Peugeot 407 SE 2.0 HDi

It’s nip and tuck for the lion’s family car, we find out if the changes have made it a contender.

Overall Auto Express Rating

3.0 out of 5

The changes Peugeot has carried out do nothing to elevate the 407 above more modern and talented opponents in this sector. If you appreciated its unique looks before, you will probably continue to do so. If not, there’s nothing much here to change your mind. Still, it remains a very comfortable cruiser, the interior is pleasant and the quality is good. It’s not a class leader, but pick one of the higher-powered engines and the 407 will prove a very worthy motorway companion.

Few sectors of the market have moved on as much as the large family car class. Last year, the Ford Mondeo raised the bar for dynamics and quality, while Citroen’s new C5 has recently done the same for style.

So, with the Peugeot 407 having been launched back in 2004, the French firm really needed to freshen up the ageing saloon. It’s attempted to do just that – although you may struggle to tell the difference.

The front end simply features a new grille, while at the back there’s a black ‘diffuser-style’ section and the parking sensors are more neatly integrated.

Cabin changes are subtle, too: the centre console now has a piano black finish and there are scatterings of chrome. Elsewhere, it remains largely faithful to the original, meaning a busy cluster of buttons and mainly high-quality finish.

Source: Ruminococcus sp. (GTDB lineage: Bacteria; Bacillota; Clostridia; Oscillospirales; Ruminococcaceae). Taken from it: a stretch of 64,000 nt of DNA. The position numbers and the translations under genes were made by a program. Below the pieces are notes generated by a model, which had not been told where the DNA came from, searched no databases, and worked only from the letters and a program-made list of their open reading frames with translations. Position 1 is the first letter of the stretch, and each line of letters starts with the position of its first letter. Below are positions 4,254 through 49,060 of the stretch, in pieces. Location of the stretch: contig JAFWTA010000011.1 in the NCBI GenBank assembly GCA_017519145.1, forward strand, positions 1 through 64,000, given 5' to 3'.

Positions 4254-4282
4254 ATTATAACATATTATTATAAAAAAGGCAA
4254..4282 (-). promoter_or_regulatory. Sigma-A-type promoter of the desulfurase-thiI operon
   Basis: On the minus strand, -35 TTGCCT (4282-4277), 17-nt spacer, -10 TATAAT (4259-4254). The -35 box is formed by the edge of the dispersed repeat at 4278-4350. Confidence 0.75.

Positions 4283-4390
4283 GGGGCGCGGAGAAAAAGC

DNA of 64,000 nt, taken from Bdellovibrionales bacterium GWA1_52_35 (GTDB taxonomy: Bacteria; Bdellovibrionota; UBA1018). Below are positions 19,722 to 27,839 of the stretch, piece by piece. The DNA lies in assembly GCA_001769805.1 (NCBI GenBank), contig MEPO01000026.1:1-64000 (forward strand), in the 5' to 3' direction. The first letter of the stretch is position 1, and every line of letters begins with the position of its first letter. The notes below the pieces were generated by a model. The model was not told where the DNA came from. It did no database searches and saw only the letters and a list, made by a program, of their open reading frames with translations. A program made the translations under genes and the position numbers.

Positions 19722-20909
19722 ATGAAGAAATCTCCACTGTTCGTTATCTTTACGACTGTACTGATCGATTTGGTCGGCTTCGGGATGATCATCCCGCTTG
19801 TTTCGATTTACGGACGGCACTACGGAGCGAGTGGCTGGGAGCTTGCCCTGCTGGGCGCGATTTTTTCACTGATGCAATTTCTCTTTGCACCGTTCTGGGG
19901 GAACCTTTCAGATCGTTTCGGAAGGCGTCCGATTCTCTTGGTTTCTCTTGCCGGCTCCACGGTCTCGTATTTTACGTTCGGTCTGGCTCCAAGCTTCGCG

Bright

One stand-out feature, though, is the high-definition sat-nav screen on the luxury-spec SE we drove. This is so bright and clear, it’s actually distracting. New SR trim, which sits above the entry-level model and adds alloys, basic sat-nav and Bluetooth, should satisfy the fleet market.

And that’s where the Peugeot seems to be aimed. The ride and handling balance is tipped in favour of smooth progress, rather than exciting driving. There’s plenty of grip, but the steering is a little lifeless and the diesels we drove felt slightly nose-heavy. It’s a car much more at ease when cruising than on a twisty back road.

We tried the 140bhp 2.0-litre HDi diesel model, which uses a revised version of the original 136bhp unit. It’s been tweaked to meet the current Euro V emissions rules, although fuel economy suffers slightly. The diesel is well suited to the car’s character, with plenty of torque but a slightly lazy feel.

It has enough muscle for safe overtaking, yet emits only 150g/km of CO2 and returns 40mpg-plus. These figures are competitive – we just wish the firm had gone further to ensure the rest of the package was.

Rival: Ford Mondeo The Mondeo leads the way in virtually every area, exposing the 407’s advancing age with sharper looks, better handling and a higher-quality finish. The Ford is our class favourite.

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